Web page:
A group of agri-business heavyweights, including Cargill, Archer Daniels Midland, Tate & Lyle have all invoked NAFTA’s investment protections in order to challenge a Mexican tax levied on those soft drink bottlers who use the sweetener High Fructose Corn Syrup (HFCS). The Mexican tax was introduced against a backdrop of a much broader trade dispute over access for Mexican sugar to the US market.
The NAFTA arbitrations are interesting for a variety of reasons – a couple of which I’ll advert to below – but information about these cases has tended to come out in dribs and drabs.
Partly this is a function of the cases proceeding on three parallel tracks (more on that in a moment), but their relative obscurity also stems from the fact that the different cases have not always dealt with liability and damages issues together. This has meant that liability for breach of the NAFTA has sometimes been assessed, and then many months have passed before a ruling on damages is rendered. Witness, for example, yesterday’s announcement by Corn Products International that arbitrators have ordered Mexico to pay a sum of $58.386 Million (US). This award, which is the largest NAFTA Chapter 11 damages award to date, comes some 20 months after an award on liability in that NAFTA arbitration.
Moreover, it could be some time before the text of the Aug 18, 2009 damages award is published, owing to lengthy back-and-forth discussions on the redaction of sensitive business information. Indeed, it took more than a year for a January 2008 liability ruling in the same case to be released in a sanitized version.
As the awards and rulings trickle out, I’ve tried to keep something of a spotlight on this slow-motion saga by highlighting and analyzing the key developments in my newsletter.
However, pulling back the frame, one of the more interesting things about these arbitrations is that they’ve tended to confirm the argument by Mexico that the cases should have been bundled together and heard by a single arbitral tribunal.
Readers may recall that the NAFTA is somewhat unusual in that it has express provisions for the consolidation of parallel investor-state claims. And, in two instances to date, a state-party facing multiple NAFTA claims has asked that those claims be consolidated. In one instance, a so-called consolidation tribunal ordered that 3 claims brought against the United States by Canadian forestry companies should be heard in a single proceeding.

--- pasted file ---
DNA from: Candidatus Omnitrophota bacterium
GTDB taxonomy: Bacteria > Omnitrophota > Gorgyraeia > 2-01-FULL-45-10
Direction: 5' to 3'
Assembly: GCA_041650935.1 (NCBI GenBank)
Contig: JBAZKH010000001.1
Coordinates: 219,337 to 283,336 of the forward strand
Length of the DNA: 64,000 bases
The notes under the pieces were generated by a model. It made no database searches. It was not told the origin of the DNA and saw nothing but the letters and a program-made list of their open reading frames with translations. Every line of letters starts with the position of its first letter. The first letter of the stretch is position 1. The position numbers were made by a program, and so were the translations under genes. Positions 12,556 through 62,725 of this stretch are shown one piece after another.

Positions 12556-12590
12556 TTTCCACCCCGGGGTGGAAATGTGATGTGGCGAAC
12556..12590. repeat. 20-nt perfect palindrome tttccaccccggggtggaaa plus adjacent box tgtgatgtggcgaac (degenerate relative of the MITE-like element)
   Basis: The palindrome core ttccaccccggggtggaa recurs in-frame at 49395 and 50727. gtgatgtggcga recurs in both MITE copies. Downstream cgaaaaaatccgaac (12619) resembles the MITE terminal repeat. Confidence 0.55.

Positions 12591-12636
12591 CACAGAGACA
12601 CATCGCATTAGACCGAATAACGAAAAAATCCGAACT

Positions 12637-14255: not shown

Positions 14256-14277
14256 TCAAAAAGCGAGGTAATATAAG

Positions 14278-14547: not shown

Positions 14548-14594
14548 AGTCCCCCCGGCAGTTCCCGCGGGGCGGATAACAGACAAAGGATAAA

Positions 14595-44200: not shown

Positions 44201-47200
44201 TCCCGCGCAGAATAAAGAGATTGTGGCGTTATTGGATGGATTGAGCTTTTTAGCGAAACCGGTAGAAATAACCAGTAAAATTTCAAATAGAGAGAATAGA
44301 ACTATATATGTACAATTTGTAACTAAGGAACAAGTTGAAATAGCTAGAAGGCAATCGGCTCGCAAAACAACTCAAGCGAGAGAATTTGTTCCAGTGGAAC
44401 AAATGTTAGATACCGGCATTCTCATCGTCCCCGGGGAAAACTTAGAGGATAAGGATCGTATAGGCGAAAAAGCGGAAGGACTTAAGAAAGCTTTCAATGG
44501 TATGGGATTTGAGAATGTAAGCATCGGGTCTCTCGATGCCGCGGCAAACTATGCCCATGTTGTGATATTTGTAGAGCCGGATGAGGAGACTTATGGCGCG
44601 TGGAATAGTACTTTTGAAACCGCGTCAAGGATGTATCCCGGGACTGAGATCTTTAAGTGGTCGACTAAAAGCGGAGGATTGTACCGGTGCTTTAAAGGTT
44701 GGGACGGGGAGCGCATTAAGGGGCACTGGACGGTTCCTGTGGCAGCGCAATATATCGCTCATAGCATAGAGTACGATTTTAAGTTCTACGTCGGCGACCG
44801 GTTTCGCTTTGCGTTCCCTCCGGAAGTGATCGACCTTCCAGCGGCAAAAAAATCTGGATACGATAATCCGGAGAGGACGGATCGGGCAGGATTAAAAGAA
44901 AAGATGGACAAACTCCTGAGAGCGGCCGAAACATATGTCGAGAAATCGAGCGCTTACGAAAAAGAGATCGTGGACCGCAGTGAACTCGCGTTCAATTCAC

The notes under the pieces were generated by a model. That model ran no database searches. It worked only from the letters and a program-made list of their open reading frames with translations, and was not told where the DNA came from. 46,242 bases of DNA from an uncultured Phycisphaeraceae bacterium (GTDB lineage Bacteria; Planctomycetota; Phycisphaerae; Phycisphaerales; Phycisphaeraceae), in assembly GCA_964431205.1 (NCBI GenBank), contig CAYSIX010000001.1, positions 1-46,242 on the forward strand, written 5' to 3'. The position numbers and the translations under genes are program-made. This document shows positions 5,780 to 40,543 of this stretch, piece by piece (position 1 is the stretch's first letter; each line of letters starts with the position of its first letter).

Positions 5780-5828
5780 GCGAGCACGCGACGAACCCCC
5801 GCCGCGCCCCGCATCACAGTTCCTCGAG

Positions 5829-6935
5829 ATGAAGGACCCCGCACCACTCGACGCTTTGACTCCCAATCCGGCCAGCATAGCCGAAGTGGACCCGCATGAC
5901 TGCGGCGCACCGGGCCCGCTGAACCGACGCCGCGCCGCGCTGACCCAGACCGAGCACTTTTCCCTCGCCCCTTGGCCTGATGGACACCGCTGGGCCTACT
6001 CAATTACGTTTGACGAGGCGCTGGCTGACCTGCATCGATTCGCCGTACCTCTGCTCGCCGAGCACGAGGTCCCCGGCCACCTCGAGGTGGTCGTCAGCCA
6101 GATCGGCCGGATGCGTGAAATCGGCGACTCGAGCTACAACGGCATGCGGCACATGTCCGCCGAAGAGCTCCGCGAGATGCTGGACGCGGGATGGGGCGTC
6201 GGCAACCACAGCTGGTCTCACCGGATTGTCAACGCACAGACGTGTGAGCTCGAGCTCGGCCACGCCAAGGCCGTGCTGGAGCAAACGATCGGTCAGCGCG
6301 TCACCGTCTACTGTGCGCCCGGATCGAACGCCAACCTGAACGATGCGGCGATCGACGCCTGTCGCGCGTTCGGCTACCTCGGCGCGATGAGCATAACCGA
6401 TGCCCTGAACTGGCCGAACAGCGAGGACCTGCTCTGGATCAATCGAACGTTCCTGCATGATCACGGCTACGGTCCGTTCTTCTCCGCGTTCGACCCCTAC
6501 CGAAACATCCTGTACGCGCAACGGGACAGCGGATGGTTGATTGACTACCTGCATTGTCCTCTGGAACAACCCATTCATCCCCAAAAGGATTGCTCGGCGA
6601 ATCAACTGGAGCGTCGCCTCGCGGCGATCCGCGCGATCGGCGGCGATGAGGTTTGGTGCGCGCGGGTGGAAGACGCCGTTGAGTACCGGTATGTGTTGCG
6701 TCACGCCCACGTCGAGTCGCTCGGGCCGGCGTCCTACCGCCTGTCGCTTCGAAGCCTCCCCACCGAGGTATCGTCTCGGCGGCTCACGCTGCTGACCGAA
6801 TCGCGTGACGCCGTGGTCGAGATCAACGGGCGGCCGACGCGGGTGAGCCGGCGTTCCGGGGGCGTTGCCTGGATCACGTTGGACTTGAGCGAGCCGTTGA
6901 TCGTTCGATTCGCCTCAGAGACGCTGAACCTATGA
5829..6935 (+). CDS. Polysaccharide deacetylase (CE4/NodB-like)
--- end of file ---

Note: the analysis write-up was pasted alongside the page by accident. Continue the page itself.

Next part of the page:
However, in the HFCS cases against Mexico, a consolidation tribunal decided not to bring the NAFTA claims under a single roof. The tribunal acknowledged Mexico’s concerns that separate panels running in parallel could reach divergent interpretations of the same NAFTA obligations. However, the panelists ultimately deferred to the wishes of the various claimants, who had protested that their intense economic competition made it impractical for them to collaborate on a single legal claim. (Documents related to the consolidation proceeding are available here).
Each HFCS case went on to be heard separately, and somewhat to the chagrin of Mexico has led to divergent legal rulings on certain issues.
Perhaps most notable, different panels of arbitrators have split on the basic question as to whether a NAFTA member-state may take retaliatory measures against incoming investors of another NAFTA member party. Mexico had argued that the HFCS tax – if found to breach NAFTA protections owed to US investors – could be deemed a legitimate “counter-measure” in the context of alleged failures by the US to live up to its trade obligations vis a vis Mexico.
Thus far, however, the rulings in the CPI case and in a separate claim brought by Archer Daniels Midland and Tate & Lyle have not given much clarity as to whether foreign investors, in some circumstances, should have to bear the burden of their home country’s (alleged) sins.
Indeed, this was not the only issue on which arbitrators in the two cases diverged. The two NAFTA Chapter 11 panels also disagreed as to whether Mexico had imposed so-called performance requirements contrary to its obligations to foreign (US) investors.
It remains to be seen how arbitrators in a third claim, Cargill v. Mexico, will deal with some of the issues over which the CPI and ADM/Tate & Lyle tribunals diverged. Proceedings in the Cargill case were formally closed in April of this year.
The Cargill award, when it does hit the streets, could be a doorstopper as arbitrators will deal with jurisdictional, liability and damages in a single decision.
However, if past practice is any guide, an announcement of the Cargill outcome could be followed by many months of waiting for a public version of the award to surface.
Luke Eric Peterson, InvestmentArbitrationReporter.com